Getting into your discomfort zone over 105 miles with a headwind in the hilly Scottish Highlands



Part of our philosophy at Bodyshot is that we believe that it’s healthy to spend some time in your ‘discomfort zone’. Why do we believe that? Well, finding yourself in a situation that you’re uncomfortable in means you have to get resourceful. Find a way out of the discomfort, or adapt to the feelings it creates. Over time, you’ll become very adept at managing discomfort, and you might even welcome it because it makes you more resilient.

Using sport and exercise

There are different ways of creating uncomfortable situations for yourself, but the context we favour is sport and exercise. Some of you will know that I challenged myself to a white collar boxing match in June 2014, and I can tell you it doesn’t get more uncomfortable than sparring practice, especially in the early days. You get hit in the face, head and jaw until eventually you learn to keep your hands up and defend yourself. It’s horrible, painful and really forces you to dig deep. But, once you’ve become comfortable being in the ring, the sense of empowerment and surge of self-confidence is very motivating. That said, I appreciate that boxing isn’t for everyone, and it certainly isn’t the only way of challenging yourself. For some the thought of a 5k run might scare the hell out of them, and for others it might be an exercise class. Whatever it is that presses your buttons, we’re arguing that you should make a regular habit of pushing yourself and taking on these personal challenges.

The Coast-to-Coast Challenge

So with that in mind, a couple of weekends ago a team of four of us took on the Ratrace Coast-to-Coast Challenge. It’s a 105-mile race in Scotland set over two days that starts in Nairn and ends in Glencoe, and is primarily a bike race but involves some running/hiking. Day one starts with a 7-mile run alongside some awe-inspiring terrain including a river and woodland. The run is mainly flat but there are lots of roots and branches to watch out for, making it a more challenging run. Once at transition, you change into cycling gear and embark on a 48-mile road cycle which takes you across undulating hills and roads to Fort Augustus, where you stay overnight. For me, the last 6 miles of the road cycle are the most challenging part of the whole race. You reach a pub, where we stopped to top up our water bottles, and after that comes a stretch of road that appears to extend all the way to the horizon. It’s beautiful, rugged terrain flanked from all sides by hilltops and mountains. It’s imposing, and under normal circumstances, breath-taking. In this context, it marks the point where I have to really dig in. I prefer off-road cycling, as the windy tracks and varied terrain allows me to mentally break down the miles into chunks. Road cycling often doesn’t. And this stretch of road goes on forever, culminating in a number of hills that really twist your melon if you’re not patient. But, that’s the point for me. Finding yourself in difficult territory and becoming resourceful strengthens your character. And, it’s only 6 miles I suppose.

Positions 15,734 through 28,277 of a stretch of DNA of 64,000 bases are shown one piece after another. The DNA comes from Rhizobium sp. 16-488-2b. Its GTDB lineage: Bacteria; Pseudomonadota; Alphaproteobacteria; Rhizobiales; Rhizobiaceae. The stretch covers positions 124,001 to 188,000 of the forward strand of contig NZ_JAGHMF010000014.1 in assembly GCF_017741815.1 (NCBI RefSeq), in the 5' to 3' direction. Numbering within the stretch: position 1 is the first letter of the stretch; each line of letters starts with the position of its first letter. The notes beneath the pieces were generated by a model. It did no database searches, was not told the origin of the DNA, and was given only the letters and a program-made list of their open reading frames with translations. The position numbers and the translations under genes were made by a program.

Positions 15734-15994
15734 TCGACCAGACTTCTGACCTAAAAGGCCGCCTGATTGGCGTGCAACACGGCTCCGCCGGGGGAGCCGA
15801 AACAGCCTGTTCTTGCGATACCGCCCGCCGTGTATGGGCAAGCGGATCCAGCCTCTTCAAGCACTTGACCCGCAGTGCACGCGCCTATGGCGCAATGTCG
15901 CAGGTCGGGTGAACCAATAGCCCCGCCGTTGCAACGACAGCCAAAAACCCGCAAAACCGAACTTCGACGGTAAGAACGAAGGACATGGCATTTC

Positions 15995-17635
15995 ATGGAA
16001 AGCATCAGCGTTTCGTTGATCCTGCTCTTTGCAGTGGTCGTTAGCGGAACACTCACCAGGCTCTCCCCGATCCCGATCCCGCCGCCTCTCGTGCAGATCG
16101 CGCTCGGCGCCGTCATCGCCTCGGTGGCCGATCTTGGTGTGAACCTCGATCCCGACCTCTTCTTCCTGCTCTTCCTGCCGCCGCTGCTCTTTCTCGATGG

Things start looking up

Day two is more fun in my opinion. The day starts early with a 21-mile off-road mountain biking section, which varies from single tracks winding alongside the hillside to more open tracks in the forest. What follows is a 13-mile road cycle into Fort William, and a quick cup of tea and a toilet stop at the transition area before embarking on the last stretch – a 14-mile run or hike, depending on how strong you’re feeling. This bit can be really fun as you��ve got more time to enjoy the surrounding countryside, and chat to your teammates. I finished on a 1.5 run into the finish area, which made me feel good, and overall we felt really positive about our race. The usual finish is a 1-mile kayak, but the 46-mph headwinds meant that was cancelled (I wasn’t sorry). I didn’t mention earlier that we had headwinds of 40-mph for the entire race, which also required everyone to dig pretty deep.


Closing thoughts

Would I recommend this race to others? Definitely. You do need to be reasonably fit, but above all, have some experience of cycling on-road and off-road, and for distance. I find day one challenging but I had little experience of the mental endurance required for long road cycles. It’s just not the same as the kind of endurance I’m practised at (boxing rounds, circuits or running). If you’re interested in the race, you can enter for 2017 here, and if you have a race or challenge in mind and want to discuss it with us, we’d love to hear from you.

Whatever you choose, I strongly urge you to take yourself into your discomfort zone at least every three months. You’ll be a stronger, more resilient and happier person as a result. The feeling of having conquered a fear, or overcome difficulty is one of the best in the world and can be life-changing. Try it, I dare you.

Leanne Spencer is a fitness entrepreneur, bestselling author of Rise and Shine: Recover from burnout and get back to your best, and founder of Bodyshot Performance Limited. Bodyshot is a health and fitness consultancy that uses innovative techniques such as DNA testing, wearable tech and bespoke coaching to transform the lives of our clients. Visit or send an email to if you’d like more information. 

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